Again, love these 2004 Leaf tributes to the 1970s Sportcaster cards. Don't love how difficult they are to find.

Lastly, I don't want to leave out Upper Deck.

For me, Upper Deck put out fairly run-of-the-mill sets in 2004. I think Topps rolled right over them that year (Upper Deck also issued possibly the worst-looking set of '04, the Play Ball set where every player's face appears 15 minutes away from melting).

But UD has one feather in its cap from '04.


Timeless Teams is one of the greatest retro sets of that period and full of players I grew up with. Yeah, there's a lot of repetition and the photo time period doesn't always match up with the year. But I will not quibble about a set with new Ron Cey cards. Or new cards of Rudy May, Elrod Hendricks or Manny Trillo. Timeless Teams had them all.

So, in retrospect, the 2004 card season was pretty damn good and I kind of wish I was collecting modern cards back then.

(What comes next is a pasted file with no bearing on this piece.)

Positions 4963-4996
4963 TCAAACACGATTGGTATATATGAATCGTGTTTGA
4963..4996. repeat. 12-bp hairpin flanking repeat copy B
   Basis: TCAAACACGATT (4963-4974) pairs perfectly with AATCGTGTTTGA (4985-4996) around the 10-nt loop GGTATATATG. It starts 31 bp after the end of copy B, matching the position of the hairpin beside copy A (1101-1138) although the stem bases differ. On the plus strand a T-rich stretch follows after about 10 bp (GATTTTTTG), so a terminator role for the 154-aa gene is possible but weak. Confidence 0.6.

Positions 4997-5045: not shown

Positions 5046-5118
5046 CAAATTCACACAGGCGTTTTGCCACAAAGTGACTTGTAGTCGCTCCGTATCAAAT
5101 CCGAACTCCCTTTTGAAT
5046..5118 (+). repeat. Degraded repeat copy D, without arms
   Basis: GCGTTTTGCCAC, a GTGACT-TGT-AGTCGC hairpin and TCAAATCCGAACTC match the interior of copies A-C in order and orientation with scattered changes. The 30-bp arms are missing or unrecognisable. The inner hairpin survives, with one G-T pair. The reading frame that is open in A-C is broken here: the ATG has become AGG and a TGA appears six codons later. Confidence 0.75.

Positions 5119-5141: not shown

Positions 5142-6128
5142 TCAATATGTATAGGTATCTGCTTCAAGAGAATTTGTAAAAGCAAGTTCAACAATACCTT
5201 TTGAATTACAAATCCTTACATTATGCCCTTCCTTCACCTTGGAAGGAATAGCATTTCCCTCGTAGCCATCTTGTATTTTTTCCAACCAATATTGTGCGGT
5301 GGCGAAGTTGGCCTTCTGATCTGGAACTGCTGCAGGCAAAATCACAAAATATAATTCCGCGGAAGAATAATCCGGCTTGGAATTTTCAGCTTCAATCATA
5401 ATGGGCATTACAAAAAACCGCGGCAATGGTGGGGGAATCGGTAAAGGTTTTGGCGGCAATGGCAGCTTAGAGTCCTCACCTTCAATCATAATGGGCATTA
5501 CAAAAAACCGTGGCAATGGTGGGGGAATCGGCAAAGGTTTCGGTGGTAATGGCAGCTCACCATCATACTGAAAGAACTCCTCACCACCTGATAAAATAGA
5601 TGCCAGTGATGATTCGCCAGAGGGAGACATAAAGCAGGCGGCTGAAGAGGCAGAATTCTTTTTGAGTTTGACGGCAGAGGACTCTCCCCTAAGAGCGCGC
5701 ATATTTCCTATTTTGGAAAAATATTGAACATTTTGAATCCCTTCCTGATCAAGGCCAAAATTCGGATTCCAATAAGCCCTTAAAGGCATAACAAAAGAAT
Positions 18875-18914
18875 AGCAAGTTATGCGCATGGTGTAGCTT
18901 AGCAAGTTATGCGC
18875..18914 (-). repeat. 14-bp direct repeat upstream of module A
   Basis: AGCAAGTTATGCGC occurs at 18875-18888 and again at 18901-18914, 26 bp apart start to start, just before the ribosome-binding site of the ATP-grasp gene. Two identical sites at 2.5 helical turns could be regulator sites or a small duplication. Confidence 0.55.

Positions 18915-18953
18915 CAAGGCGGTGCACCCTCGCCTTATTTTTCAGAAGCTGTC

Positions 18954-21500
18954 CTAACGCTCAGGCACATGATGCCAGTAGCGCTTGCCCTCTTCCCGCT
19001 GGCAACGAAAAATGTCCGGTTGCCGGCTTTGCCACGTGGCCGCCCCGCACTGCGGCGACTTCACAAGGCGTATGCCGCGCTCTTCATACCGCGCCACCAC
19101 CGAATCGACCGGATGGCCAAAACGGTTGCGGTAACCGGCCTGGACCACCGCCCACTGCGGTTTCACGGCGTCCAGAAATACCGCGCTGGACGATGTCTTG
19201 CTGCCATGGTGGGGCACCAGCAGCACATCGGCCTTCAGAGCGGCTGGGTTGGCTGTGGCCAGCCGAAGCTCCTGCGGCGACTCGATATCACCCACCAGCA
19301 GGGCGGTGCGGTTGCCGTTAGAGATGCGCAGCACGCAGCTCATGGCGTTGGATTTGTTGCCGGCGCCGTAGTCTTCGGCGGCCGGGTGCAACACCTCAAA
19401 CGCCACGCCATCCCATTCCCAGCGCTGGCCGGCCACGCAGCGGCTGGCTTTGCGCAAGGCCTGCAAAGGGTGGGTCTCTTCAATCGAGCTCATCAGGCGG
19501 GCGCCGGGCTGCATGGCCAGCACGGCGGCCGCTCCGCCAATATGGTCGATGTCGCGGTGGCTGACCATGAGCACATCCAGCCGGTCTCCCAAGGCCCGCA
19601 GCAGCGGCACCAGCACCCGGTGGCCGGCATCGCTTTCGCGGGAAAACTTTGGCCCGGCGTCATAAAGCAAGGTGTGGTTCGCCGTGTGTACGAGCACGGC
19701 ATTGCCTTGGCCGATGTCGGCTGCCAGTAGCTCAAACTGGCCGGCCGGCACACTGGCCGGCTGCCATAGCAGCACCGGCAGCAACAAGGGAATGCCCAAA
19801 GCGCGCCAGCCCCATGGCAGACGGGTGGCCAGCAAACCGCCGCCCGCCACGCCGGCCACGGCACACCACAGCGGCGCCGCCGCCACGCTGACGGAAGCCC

But for the most part, I've made up for lost time, at least with the Dodger cards from that year anyway.

Comments

  1. 2004 cards are fun when they pop up, but cards from the mid 2000's just do not show up.

    ReplyDelete
  2. That seems to be the year that is popping up a lot in the discount boxes, and I love it.

    ReplyDelete
  3. Oddly, 2004 Fleer Greats of the Game is one of the sets I credit with getting me back into baseball cards. The clearance bin at my local Target (back when Target had clearance bins) was packed with old packs of those right around the time I was returning to the baseball side of the hobby in early 2006 or so.

    ReplyDelete
  4. The 2004 Topps flagship design is one of my favorites from the past two decades... and right up there with the 2008 and 2015 designs. I wasn't collecting in 2004, but I have accumulated singles from a lot of the sets you've listed in this post. I really enjoy those Sportscasters and Timeless Teams cards too.

    ReplyDelete